Hemp growers get win in House
The Democratic-controlled House has passed a package of four fiscal 2021 spending bills that include a provision to help struggling hemp producers. The legislation would allow hemp pilot programs to continue in operation through next September. States currently have until October to get approved regulatory plans into place.
The provision, while welcome, still doesn’t address most of the underlying concerns of hemp growers about USDA provisions in place for the 2021 growing season, according to Eric Steenstra, president of the advocacy group Vote Hemp.
His group has been pushing to extend the pilot program for two more years so growers don’t have to meet a stringent THC limit on hemp included in a USDA interim final rule published in October – among other reasons.
Many growers were forced to destroy crops last year because their hemp tested above 0.3% for THC.
The Agricultural Marketing Service has already approved dozens of state and tribal plans, and it’s not clear how they would be able to scrap those plans.
By the way: The FY21 minibus, which passed the House on a near party-line vote on Friday, includes funding for USDA, FDA, EPA and the Interior Department. The House takes up a bill this week that includes funding for the Army Corps of Engineers as well as the Transportation and Labor departments.
Trump assailed for China trade remark
President Trump’s trade war with China cost U.S. farmers severely, so when Trump suggested last week that the “phase one” trade deal meant “much less” to him now, Illinois Rep. Cheri Bustos pounced on it. Bustos leads the Democratic Congressional Campaign Committee, which is charged with keeping Democrats in the House majority.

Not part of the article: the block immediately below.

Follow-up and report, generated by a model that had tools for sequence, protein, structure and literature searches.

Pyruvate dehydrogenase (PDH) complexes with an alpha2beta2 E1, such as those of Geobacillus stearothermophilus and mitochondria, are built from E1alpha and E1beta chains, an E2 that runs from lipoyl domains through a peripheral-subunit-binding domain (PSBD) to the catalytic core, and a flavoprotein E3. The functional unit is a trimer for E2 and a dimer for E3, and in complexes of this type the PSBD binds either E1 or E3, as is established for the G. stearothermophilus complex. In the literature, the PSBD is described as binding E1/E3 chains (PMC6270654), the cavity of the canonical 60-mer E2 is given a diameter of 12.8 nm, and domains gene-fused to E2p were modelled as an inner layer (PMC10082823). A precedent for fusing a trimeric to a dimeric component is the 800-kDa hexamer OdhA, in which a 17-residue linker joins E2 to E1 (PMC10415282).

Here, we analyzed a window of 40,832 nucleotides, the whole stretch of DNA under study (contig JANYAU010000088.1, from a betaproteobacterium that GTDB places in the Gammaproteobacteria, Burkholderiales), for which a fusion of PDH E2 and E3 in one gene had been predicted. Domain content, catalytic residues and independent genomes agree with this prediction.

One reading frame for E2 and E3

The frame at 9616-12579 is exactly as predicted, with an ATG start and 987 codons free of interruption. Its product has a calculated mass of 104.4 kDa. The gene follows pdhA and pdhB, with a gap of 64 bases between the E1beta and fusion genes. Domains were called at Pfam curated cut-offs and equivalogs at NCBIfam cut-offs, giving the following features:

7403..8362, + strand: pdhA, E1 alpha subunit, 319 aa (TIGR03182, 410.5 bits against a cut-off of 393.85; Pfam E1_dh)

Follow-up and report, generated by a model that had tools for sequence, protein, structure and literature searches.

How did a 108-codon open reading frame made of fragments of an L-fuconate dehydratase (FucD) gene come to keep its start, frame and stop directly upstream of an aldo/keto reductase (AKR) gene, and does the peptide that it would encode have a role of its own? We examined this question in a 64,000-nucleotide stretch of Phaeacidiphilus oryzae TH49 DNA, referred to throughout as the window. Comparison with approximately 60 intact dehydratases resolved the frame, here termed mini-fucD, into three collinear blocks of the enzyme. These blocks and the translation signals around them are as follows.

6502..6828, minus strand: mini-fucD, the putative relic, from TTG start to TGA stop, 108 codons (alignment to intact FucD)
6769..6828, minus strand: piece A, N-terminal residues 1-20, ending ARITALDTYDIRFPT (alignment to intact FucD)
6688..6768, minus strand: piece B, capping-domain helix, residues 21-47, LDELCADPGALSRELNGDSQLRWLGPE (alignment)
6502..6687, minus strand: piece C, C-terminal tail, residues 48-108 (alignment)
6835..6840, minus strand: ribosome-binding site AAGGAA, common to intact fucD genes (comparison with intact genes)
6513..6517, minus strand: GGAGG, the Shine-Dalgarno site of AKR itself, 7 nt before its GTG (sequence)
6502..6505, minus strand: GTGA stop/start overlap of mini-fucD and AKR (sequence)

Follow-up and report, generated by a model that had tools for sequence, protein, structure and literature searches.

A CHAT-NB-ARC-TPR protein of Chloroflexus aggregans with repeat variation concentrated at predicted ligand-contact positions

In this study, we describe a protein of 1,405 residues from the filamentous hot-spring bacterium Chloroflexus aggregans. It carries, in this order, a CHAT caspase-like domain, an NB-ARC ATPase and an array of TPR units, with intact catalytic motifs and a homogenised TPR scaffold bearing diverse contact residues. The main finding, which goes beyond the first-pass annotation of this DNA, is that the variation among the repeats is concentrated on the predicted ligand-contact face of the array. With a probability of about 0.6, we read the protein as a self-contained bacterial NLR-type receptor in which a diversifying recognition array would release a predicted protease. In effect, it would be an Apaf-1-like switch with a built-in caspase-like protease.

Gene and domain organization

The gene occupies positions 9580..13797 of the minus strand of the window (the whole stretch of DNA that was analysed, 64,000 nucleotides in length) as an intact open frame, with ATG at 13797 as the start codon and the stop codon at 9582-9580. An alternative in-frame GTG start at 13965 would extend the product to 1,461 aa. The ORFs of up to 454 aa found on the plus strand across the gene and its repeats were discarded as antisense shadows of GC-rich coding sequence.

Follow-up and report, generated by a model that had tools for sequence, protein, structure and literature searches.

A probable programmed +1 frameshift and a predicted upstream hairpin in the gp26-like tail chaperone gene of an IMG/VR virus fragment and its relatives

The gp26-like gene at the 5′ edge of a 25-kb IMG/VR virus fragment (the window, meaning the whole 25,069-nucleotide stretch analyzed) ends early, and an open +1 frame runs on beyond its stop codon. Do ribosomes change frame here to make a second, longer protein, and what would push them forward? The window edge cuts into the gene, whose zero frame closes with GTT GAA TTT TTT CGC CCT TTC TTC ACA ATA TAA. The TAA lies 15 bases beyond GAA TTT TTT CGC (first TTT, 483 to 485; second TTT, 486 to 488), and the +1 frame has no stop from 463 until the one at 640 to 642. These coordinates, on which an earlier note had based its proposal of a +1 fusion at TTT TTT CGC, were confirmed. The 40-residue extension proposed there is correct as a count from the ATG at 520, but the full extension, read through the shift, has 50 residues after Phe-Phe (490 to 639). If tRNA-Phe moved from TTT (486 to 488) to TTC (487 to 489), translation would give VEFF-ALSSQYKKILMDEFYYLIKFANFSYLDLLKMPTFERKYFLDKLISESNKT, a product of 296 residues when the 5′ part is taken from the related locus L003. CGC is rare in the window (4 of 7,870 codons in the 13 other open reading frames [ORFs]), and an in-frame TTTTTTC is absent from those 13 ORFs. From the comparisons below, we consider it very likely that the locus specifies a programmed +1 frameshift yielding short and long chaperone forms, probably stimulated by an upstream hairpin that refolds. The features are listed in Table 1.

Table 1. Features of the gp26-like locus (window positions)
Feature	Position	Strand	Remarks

“When President Trump was candidate Trump, he stood behind a podium and promised to end the war on our farmers,” Rep. Bustos said. “Yesterday, after they have endured financial uncertainty, declining market shares and a precarious outlook, the president again stood behind a podium, and told our farmers that their future ‘means much less’ to him.”
China promised to ramp up imports of U.S. farm commodities in the trade pact, though many believe the Chinese won’t reach the goal of $36.5 billion set for calendar year 2020. To help the farm trade flow, China began waiving some tariffs on soybeans, corn, wheat and other commodities in March.
Trump, in a press conference Thursday, repeated his accusations that China allowed COVID-19 to spread to the U.S. and said that as a result the “trade deal means less to me now than it did when I made it.”
Where did the OJ go?
People around the world aren’t drinking less orange juice, but world production is plunging this year, USDA's Foreign Agricultural Service reports. Production is declining sharply in the U.S., as well as Europe, Brazil and Mexico.
Worldwide production of frozen concentrated orange juice is expected to drop by 23% and the reason is relatively straight forward. Farmers just aren’t producing as many oranges as they normally do. In Brazil, the orange harvest fell 19% this year, primarily because it’s just an off year – known as an alternate bearing phenomenon. In Mexico, a drought cut orange production nearly in half. And in the U.S., citrus greening continues to plague Florida’s groves.
U.S. FCOJ production is expected to drop this year by 10%.
She said it:
"The president’s comments were a slap in the face to the American farmer.” — Rep. Cheri Bustos, D-Ill., referring to President Trump’s comment that the “phase one” trade deal means less to him in the wake of the pandemic

Bill Tomson, Ben Nuelle and Steve Davies contributed to this report.